JERUSALEM (Reuters) - Israel’s high court on Monday outlawed a detention center where African migrants are held without trial and ordered some 2,000 inmates there released over the next three months.
The ruling struck down a measure passed by Israel’s parliament in December to indefinitely incarcerate migrants, most of them from Sudan and Eritrea, in a measure criticized by human rights groups as an attempt to force migrants to leave.
Israeli leaders have denounced the migrants they refer to as “infiltrators” as harmful to Israel, and largely stopped their entry by fortifying a fence along the Egyptian border in 2012, later offering financial incentives to those agreeing to leave, and detaining thousands.
In their groundbreaking decision acting on appeals by human rights groups, Israeli justices ordered authorities to shut a detention center called Holot opened a year ago in the southern Negev desert, and release some 2,000 Africans being held there.
The decision gives Israel three months to implement the ruling, but orders an immediate liberalization of rules for Holot inmates effective on Wednesday, by allowing them to report to wardens twice rather than three times a day.
Justice Uzi Vogelman, one of seven of nine justices finding against the detention center, wrote that the “measure is disproportionate and unconstitutional and there is no choice under the circumstances but to order the law canceled.”
RIGHTS TO FREEDOM AND DIGNITY
“There is almost no right that isn’t violated as a result (of incarceration). It negates one’s right to freedom and hurts one’s right to dignity,” Vogelman also said, according to a summary of the ruling issued by Israel’s courts authority.
More than 40,000 Eritreans and Sudanese are in Israel, human rights groups say based on Israeli population figures. Many had entered Israel illegally since 2011.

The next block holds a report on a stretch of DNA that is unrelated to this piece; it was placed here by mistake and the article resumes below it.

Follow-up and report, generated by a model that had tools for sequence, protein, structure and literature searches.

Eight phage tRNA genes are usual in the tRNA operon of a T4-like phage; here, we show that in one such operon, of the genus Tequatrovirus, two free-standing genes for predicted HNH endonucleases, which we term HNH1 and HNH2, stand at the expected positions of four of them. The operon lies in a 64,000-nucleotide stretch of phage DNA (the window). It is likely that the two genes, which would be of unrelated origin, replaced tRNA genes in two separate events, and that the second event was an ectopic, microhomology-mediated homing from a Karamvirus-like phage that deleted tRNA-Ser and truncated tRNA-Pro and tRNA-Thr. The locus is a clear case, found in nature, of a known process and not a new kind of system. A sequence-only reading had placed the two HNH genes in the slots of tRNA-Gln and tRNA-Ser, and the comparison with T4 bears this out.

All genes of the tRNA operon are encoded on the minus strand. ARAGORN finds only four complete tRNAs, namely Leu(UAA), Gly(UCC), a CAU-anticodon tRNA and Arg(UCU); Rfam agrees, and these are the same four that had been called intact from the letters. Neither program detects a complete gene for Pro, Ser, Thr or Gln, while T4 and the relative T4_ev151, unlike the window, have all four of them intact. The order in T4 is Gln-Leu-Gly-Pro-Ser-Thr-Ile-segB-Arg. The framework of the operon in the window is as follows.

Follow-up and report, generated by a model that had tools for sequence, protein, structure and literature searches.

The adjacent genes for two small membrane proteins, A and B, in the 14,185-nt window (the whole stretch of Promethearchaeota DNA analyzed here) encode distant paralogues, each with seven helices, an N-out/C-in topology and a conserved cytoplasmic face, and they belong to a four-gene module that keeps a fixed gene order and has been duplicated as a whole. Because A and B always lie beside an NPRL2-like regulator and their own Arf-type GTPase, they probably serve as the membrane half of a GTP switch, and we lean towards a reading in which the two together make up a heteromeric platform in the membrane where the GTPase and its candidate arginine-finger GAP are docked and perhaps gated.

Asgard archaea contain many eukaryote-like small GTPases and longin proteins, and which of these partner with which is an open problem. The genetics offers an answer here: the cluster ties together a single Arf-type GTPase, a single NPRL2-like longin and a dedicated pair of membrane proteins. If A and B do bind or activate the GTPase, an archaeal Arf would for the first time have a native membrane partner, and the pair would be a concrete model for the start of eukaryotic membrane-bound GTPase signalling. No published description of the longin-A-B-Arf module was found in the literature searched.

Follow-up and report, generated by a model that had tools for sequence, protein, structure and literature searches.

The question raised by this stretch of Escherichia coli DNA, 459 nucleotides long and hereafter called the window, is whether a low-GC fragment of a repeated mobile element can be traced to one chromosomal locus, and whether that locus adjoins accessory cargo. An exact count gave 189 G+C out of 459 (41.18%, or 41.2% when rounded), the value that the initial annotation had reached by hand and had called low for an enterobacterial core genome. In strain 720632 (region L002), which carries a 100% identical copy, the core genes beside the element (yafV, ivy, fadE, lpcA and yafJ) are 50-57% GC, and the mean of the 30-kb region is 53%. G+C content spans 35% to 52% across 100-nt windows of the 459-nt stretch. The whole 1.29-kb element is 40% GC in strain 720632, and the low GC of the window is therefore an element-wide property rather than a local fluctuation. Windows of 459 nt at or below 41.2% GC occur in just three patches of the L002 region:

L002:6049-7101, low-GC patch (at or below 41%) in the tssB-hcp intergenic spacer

More than 6,700 of the Africans have left the country since January, shortly after Israel opened the detention center the court has now outlawed.
The court addressed only the incarceration policy, which was the subject of the appeals, and did not mandate any status for migrants being freed, who may be eligible for temporary permits given other migrants which must be renewed every few months.
Israel grants automatic citizenship to Jews, while denying refugee or residency status to many others. Some social activists complain this policy is discriminatory while others cite a shortage of legislation governing immigration.
Human Rights Watch charged in a report this month that by jailing migrants Israel was coercing people entitled to refugee protection under international law to risk their lives through repatriation.
Israeli Interior Minister Gideon Sa’ar, who oversees the detention center, denounced the ruling as “a mistake that leaves Israel without the tools to handle illegal infiltration.” He urged the government to consider amending a law to restrict the courts’ authority to intervene in such policies.
The ruling was the second since a year ago to tackle Israel’s tough policies toward the migrants. In September 2013 justices overruled legislation that permitted migrants to be jailed for terms of up to three years without trial.
Hotline for Refugees and Migrants, an Israeli advocacy group, praised the court for finding “in a categorical and unequivocal manner that policy toward asylum-seekers cannot be solely based on mass detention of innocent people.”
Editing by Dominic Evans
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